OTOH, with an HDD camera, you HAVE to upload the entire disk, or you won't have any room for shooting later. In that case, you're not editing, just dumping for editing later. It wouldn't work for me since I don't want to store raw footage on my computer, only the edited clips.

If you're using editing software to capture an entire tape, you're using it for a purpose for which it was not intended, and in that case, those hard drive camcorders were invented for you...;)

The way we work with it, typically, is to shoot a fair amount of video over a period of time (close to a tape's worth), then dump it to the external hard drive queue for editing. When I have time, I edit that down into one or more titles and put them in a burn to disc folder/queue.

Rarely do I shoot 20 minutes and get so excited about it that I immediately dump it to the computer (but that happens occassionally).

My editing capture program has a timed stop point available, which I would suspect is available on the hard drive cameras so that you can dump as much as you want (as opposed to the entire 30 gig camera drive). But if it's all or nothing, as you suggested 30 gigs sounds like too much to sift through.

bigmac
07-26-2007, 01:54 PM
The way we work with it, typically, is to shoot a fair amount of video over a period of time (close to a tape's worth), then dump it to the external hard drive queue for editing. When I have time, I edit that down into one or more titles and put them in a burn to disc folder/queue.

Rarely do I shoot 20 minutes and get so excited about it that I immediately dump it to the computer (but that happens occassionally).

My editing capture program has a timed stop point available, which I would suspect is available on the hard drive cameras so that you can dump as much as you want (as opposed to the entire 30 gig camera drive). But if it's all or nothing, as you suggested 30 gigs sounds like too much to sift through.

I shoot about a tape's worth too, but for my purposes I see no reason to dump the tape to the computer unless it's to avoid buying more than one miniDV tape cassette. I'd rather store that content on the tape than on my hard drive, at 6.5 megabytes per second of video, most of which is not going to be used in the final edit.

I don't know how HDD camcorders dump their contents - maybe it can be done in sections, or at high speed. I do know that the AVCHD software that's used by Nikon and Canon for managing that stuff is reportedly glitchy and not user-friendly, but that's pretty typical when a hardware company like Sony, Nikon, or Canon tries to write software. It's one of the reasons I have little interest in that technology yet.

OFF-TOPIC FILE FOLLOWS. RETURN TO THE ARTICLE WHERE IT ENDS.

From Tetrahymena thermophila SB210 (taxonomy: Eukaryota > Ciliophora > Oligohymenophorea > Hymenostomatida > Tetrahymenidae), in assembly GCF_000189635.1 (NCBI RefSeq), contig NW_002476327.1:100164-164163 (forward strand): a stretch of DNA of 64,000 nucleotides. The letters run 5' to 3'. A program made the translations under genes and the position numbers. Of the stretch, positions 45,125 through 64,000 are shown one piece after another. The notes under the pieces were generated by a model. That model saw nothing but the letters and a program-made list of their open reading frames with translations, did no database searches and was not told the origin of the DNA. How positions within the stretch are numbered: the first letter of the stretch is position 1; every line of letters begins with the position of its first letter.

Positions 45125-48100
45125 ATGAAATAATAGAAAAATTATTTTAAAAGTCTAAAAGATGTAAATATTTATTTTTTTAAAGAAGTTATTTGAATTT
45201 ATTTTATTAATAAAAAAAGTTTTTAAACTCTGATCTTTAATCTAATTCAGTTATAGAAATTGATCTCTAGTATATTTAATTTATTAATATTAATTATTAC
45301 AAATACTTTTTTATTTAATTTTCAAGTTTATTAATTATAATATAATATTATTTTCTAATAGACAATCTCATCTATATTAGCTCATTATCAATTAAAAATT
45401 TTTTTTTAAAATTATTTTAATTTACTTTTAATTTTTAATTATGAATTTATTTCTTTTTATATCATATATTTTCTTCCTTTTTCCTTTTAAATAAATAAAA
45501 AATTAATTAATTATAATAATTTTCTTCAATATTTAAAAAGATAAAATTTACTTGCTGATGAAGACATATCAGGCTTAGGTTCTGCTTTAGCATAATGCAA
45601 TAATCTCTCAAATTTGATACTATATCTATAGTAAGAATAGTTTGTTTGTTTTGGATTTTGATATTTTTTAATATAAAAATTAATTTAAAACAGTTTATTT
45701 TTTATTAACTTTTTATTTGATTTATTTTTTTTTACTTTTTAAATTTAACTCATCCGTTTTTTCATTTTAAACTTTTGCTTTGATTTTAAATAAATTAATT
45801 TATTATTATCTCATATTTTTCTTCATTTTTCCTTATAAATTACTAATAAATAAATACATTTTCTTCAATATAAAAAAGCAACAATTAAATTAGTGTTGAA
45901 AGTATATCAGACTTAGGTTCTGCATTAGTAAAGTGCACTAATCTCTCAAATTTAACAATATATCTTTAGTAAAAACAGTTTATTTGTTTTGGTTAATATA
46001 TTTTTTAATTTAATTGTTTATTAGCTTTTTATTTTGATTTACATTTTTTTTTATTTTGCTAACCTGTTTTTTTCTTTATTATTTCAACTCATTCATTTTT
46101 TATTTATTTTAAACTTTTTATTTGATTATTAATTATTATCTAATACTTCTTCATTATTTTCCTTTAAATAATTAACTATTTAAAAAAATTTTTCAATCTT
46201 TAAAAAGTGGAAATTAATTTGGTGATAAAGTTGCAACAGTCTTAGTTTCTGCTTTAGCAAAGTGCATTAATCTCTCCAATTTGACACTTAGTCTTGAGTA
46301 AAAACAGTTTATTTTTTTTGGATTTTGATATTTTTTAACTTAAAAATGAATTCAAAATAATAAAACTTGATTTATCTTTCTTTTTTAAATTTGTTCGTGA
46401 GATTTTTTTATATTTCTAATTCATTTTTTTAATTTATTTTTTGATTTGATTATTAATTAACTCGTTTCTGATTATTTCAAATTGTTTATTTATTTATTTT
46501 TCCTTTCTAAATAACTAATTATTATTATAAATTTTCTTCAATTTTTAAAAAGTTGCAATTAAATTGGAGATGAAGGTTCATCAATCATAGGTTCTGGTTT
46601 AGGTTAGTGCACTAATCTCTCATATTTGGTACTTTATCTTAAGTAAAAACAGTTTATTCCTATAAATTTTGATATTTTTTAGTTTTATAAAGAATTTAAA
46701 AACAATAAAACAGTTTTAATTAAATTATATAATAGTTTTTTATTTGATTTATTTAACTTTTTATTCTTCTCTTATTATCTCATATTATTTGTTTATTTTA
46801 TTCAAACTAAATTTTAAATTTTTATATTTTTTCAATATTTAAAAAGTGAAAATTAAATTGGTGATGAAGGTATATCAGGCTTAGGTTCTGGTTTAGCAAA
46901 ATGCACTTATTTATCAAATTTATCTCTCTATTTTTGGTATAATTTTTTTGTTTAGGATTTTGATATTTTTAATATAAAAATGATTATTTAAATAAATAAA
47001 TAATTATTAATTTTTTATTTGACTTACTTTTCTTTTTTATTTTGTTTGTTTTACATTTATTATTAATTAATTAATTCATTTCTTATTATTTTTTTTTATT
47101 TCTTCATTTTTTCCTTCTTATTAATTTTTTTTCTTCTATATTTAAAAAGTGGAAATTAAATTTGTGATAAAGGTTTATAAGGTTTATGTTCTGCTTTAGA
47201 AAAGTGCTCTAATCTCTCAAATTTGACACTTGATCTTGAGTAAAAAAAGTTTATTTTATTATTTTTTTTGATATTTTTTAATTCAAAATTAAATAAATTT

east tx skier
07-26-2007, 03:32 PM
I shoot about a tape's worth too, but for my purposes I see no reason to dump the tape to the computer unless it's to avoid buying more than one miniDV tape cassette. I'd rather store that content on the tape than on my hard drive, at 6.5 megabytes per second of video, most of which is not going to be used in the final edit.

I don't know how HDD camcorders dump their contents - maybe it can be done in sections, or at high speed. I do know that the AVCHD software that's used by Nikon and Canon for managing that stuff is reportedly glitchy and not user-friendly, but that's pretty typical when a hardware company like Sony, Nikon, or Canon tries to write software. It's one of the reasons I have little interest in that technology yet.

For the most part, we just reuse the DV tape. We're bad editors as it's mostly home movies and we resist cutting out any potential "priceless moment." It's only on the computer long enough to edit and transfer to DVD (we make lots of copies for relatives in case anything happens to our copies).

I've been using Pinnacle Studio 8.xx for the past 5 years for editing and Nero for menus and burning. Works fine and if one acts up, the other can usually pick up the slack (example, Pinnacle has trouble with some digital camera video, so I convert it with Nero). Camera is a Canon Z85. It's been good for just about everything except low light stuff. Our old sony hi-8 was better at that (and had a built in light).